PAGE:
Mead On Wine

© 1997 JDM Enterprises
All Rights Reserved
Vol. I No. 52

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by Jerry D. Mead

         It is an affliction of columnists everywhere, the writing
of year-end columns using a variety of cutesy gimmicks. I am not immune.

I tried giving imaginary holiday gifts to various industry notables and entities, and to tell the truth that worked fairly well.

Then, for a couple of years, I made up New Years Resolutions that other people or companies should have made for themselves. That device was too limiting. I scrapped it in short order.

The gimmick I've stayed with the longest is my "Year End Awards." Because I frequently report on wine competitions and their results, it just seem natural to continue the theme of passing out gold, silver, bronze, "The Dregs" (the bottom of the barrel), and the dreaded "Phylloxera" award, named for that nasty little root louse that destroys entire vineyards.

So let's not fool around any longer, but go directly to the biggies, the "Winery of the Year" and "Winemaker of the Year."

GOLD to "Winery of the Year" Beaulieu Vineyards, the nearly 100 year old Napa Valley legend in its own time, that while honoring its traditions and the memory of its greatest winemaker Andre Tchelistcheff, is charging full speed ahead towards its second century with the inventive winemaking of Joel Aiken. And the award must be shared by recent management types who made it all possible.

GOLD to "Winemaker of the Year" Chuck Ortman of Meridian Vineyards, who has for two decades made some of America's best and best value Chardonnays under a variety of labels for which he worked or consulted. He gets the nod as this year's top guy for mastering the mysterious Pinot Noir and making his portfolio complete.

GOLD to "Wine of the Year" to Chappellet 1996 "Old Vine Cuvee," and also the "Silk Purse From A Sows's Ear" award. Take 40 year old Chenin Blanc vines, treat the fruit as if it was expensive Chardonnay (barrel ferment, French oak, etc), call it something other than Chenin Blanc and sell it for a reasonable $14. A pat on the back to whoever dreamed up the idea.

SILVER for "Concept of the Year" to the semi-sweet white wine, in the snazzy blue bottle, designed to accompany Asian and spicy cuisines and called "Fortune." Did I mention that your fortune is branded on the cork like a fortune cookie? It only gets a silver out of modesty...I dreamed up the idea over dinner one night. Weibel is the producer and brand owner.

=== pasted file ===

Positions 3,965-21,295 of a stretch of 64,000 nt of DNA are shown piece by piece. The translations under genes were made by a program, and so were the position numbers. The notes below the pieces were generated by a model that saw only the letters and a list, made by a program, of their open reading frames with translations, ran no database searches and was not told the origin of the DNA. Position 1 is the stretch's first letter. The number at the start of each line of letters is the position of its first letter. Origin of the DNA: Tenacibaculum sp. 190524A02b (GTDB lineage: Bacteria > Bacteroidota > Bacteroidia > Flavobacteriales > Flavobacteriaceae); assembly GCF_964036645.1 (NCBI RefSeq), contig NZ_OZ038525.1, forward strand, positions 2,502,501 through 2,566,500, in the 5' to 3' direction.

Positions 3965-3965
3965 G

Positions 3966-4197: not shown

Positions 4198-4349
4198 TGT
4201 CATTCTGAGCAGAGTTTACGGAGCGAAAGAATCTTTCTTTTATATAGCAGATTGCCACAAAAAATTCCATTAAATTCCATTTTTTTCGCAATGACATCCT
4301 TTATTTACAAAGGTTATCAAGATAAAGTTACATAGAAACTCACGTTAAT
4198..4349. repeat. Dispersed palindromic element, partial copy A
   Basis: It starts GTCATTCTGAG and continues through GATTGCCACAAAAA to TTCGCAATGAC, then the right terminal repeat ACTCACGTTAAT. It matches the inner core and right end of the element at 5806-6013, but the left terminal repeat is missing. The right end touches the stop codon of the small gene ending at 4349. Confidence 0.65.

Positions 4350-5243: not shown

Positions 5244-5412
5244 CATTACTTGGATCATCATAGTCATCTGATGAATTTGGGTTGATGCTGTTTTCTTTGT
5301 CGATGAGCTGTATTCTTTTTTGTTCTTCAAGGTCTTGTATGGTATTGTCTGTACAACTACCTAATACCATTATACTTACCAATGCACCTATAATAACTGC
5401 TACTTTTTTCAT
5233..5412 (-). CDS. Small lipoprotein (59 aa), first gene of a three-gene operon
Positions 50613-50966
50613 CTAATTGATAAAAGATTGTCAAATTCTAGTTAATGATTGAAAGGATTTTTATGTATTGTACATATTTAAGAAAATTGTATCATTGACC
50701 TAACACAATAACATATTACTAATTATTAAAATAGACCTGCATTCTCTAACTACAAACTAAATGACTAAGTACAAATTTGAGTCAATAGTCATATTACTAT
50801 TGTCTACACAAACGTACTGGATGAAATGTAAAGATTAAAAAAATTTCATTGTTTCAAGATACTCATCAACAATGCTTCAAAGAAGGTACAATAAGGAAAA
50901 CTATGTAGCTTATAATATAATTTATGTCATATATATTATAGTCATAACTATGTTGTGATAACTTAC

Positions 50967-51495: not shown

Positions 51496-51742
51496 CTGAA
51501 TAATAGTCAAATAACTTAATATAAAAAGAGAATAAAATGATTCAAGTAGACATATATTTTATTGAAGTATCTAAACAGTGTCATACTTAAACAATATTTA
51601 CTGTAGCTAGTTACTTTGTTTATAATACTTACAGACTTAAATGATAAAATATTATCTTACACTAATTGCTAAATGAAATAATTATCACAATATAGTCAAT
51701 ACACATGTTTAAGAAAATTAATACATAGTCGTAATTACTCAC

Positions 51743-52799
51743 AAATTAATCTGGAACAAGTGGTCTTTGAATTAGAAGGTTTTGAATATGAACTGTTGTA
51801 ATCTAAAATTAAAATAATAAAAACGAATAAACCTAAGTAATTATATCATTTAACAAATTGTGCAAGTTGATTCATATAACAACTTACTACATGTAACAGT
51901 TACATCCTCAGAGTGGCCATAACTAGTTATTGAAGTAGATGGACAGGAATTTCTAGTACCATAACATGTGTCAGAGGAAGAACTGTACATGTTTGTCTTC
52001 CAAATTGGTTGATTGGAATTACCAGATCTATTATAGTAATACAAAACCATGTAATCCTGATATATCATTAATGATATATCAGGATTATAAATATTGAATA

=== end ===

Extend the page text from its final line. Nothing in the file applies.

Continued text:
DREGS to Blue Nun, the German brand, for coming out with a White Zinfandel from California and a red wine from South America. Talk about confusing the market.

DREGS to the state of Maryland for passing a law that wine journalists have to register with the state, be approved as expert by some tax collecting bureaucrat, pick up their samples from a wholesaler and return any wines they don't taste. I did not make this up.

GOLD to Napa Ridge 1995 Pinot Noir for winning more medals and awards than any other Pinot in America, and for still only costing $10. Congratulations to winemaker David Schlottman for doing it again...and again...and again.

DREGS to the many wineries which have price-gouged during the California grape shortages of recent years. Some of us may remember who took advantage as the pendulum swings to the surpluses of the next few years.

GOLD to the top four wineries in medal count, year after year...Kendall- Jackson, Geyser Peak, Windsor and Fetzer. Sometimes the specific ranking changes, but these producers are always in the running.

PHYLLOXERA to Kentucky, South Carolina, North Carolina, Tennessee, Florida (and possibly New York) where one can do more time for shipping a bottle of wine than for hurting someone. Who said Prohibition was repealed?

GOLD to Coalition for Free Trade in Licensed Beverages (CFT) for challenging the above shipping bans in court and so far batting 1.000.

GOLD to those large North Coast companies which are moving full scale into Monterey, San Luis Obispo and Santa Barbara counties, adding to the deserved importance of the Central Coast as a winegrowing region.

GOLD to all those wineries which got off the ground in 1972 (a miserable Cabernet vintage) and celebrated their 25th anniversary in 1997.

BRONZE to Louisiana for passing the first legislation to allow retailers in 49 other states to register to sell wine direct to Louisiana consumers, but failing to make it legal for Louisiana wineries to sell to Louisiana consumers. I really do not make this stuff up.

GOLD to William Hill winery for new package design, featuring a grape leaf motif that looks so real you're compelled to touch it and see. There have been leaf labels before, with one leaf serving for all wines. The William Hill collection includes an authentic Chardonnay leaf reproduction for that variety, and a Cabernet leaf for Cabernet Sauvignon and so on.

GOLD to Forest Glen (especially for Chardonnay), Canyon Road (especially for Sauvignon Blanc), Pedroncelli (for Zinfandel), Glen Ellen (White Zinfandel), Chateau Souverain (Cabernet Sauvignon) and Stone Creek (Merlot), for continuing to offer solid value year after year.

GOLD to Sebastiani for making the best Barbera (and most highly awarded), year after year.

GOLD to Nathanson Creek (owned by Sebastiani) for the best new tv commercials of the year...maybe the decade. Only thing is, they deserve wider exposure.

GOLD to Gallo for doing an amazing job in just ten short years of going from a Central Valley jug wine image to a super-premium, Sonoma County image.

GOLD to me for beginning my 30th year of writing this column. Would it be greedy to hope for 30 more?

If you have questions about any of the wines, producers or products mentioned in any of Mead's columns, feel free to call his office at (800) 845-9463.


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Latest Update: January 14, 1997